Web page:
According to a preferred embodiment, each of the perforations has a diameter of approximately 0.119 inches. It has been found that perforations of smaller diameter require extremely small-diameter punches, which are subject to easy breakage. The type of punch press used to create pan 10 would be dear to one of ordinary skill in the art from the disclosure of the pan. Of course, the size of perforations 43, 48, like the relative spacings between perforations 43 in region 40 and perforations 48 in region 45, can be varied as desired to achieve the best result. Additionally, perforations 43, 48 can be of other than circular shape, for example, oval, square or triangular shape.
The perforation densities in regions 45, 40 are carefully chosen to yield a texture that is close to a hearth-baked texture. Spotting and splotchiness on the bottom surface of the pizza dough are significantly reduced, if not entirely eliminated, overcoming a significant disadvantage of prior art pans. Additionally, the dough at the bottom of the pizza is evenly cooked, without the alternating regions of overcooked and undercooked dough characteristic of the perforated pans of the prior art By creating uniform baking heat distribution in central region 45 and lower but still uniform baking heat distribution in outer region 40, the overall uniform texture and appearance of the crust, characteristic of hearth-baked pizza, is produced.
According to a preferred embodiment, rim 20 is formed without any perforations. For certain types of pizza-products, perforations in rim 20 tend to burn the outer edge of the pizza. Solid rims also provide more even air flow around the edge of the pizza in typical impingement-type pizza ovens, and also tend to protect the cheese or other product that is placed within the filled rim. Further, solid rims yield a stronger pan that is more easily pulled out of standard ovens by the gripping-type devices typically used in commercial restaurants. Finally, because during the process of forming certain types of pizza products, such as the filled-rim pizza described above, the pizza dough is pressed against the rim, rim perforations would cause unsightly deformation of the edge of the pizza.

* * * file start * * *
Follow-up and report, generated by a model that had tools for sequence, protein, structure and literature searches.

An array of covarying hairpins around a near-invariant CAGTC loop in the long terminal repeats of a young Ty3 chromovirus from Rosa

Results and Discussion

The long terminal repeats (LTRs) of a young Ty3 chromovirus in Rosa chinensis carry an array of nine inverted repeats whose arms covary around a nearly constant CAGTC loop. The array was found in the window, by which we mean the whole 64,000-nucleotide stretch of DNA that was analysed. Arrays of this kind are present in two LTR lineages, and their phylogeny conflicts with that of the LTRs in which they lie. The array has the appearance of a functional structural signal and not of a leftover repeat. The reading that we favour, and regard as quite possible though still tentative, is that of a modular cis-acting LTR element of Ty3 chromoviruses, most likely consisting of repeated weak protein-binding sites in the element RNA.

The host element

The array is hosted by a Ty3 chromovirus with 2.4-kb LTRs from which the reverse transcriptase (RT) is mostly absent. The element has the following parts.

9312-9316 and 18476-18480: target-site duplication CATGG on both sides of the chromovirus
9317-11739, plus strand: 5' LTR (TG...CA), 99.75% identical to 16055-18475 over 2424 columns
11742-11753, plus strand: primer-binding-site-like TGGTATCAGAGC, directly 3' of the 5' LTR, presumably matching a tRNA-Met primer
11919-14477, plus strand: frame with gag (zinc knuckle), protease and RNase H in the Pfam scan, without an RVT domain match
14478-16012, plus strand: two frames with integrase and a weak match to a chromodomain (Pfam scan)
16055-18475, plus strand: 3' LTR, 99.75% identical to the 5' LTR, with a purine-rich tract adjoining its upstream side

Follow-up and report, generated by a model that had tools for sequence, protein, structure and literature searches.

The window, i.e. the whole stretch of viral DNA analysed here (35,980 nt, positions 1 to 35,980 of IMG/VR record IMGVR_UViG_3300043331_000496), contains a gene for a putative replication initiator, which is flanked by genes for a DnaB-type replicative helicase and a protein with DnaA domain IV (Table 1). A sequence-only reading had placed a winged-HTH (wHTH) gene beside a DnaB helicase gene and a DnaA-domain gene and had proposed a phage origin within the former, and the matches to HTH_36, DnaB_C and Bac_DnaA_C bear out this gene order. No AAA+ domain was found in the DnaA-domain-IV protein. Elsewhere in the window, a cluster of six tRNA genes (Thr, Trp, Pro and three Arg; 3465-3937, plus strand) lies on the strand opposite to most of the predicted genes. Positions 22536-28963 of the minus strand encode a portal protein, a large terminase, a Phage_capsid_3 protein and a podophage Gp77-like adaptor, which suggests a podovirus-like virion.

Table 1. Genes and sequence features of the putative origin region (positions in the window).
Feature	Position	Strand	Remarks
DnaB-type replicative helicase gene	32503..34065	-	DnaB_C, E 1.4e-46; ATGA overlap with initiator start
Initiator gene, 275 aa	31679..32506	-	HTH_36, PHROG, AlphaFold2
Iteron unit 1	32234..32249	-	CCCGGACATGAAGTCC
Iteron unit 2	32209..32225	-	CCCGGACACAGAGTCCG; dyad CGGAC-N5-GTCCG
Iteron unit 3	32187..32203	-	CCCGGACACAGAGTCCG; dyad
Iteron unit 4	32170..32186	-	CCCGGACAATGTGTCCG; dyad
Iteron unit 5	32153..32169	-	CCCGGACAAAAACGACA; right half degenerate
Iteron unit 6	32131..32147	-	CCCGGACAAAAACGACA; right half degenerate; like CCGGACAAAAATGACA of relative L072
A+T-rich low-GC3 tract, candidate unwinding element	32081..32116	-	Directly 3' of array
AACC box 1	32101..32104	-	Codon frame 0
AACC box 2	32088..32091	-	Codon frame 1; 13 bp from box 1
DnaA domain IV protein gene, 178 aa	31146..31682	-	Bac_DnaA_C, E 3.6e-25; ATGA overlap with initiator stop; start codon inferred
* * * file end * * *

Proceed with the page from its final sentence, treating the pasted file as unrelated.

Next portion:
Additionally, the perforation patterns and densities across regions 40, 45 are chosen to produce uniform baking results across a wide variety of oven types and baking environments. As described above, this is especially important to national chain restaurants. The pan according to the invention produces uniformity of result from oven to oven and from restaurant to restaurant, despite the numerous variations in heat controls, air-flow designs and temperature ranges that may be present in different ovens and even within ovens of the same type. This uniformity across a variety of oven types represents a significant advantage over the prior art.
Additionally, perforations 43 of region 40 are disposed so as not to intersect corner 30 of pan 10. This yields a stronger pan that is more easily pulled out of standard ovens by the pan-gripping devices typically used in commercial restaurants. Additionally, the lack of perforations on corner 30 protects the pizza dough from unsightly discoloration, uneven coloring, and overbaking at the edge of the pizza.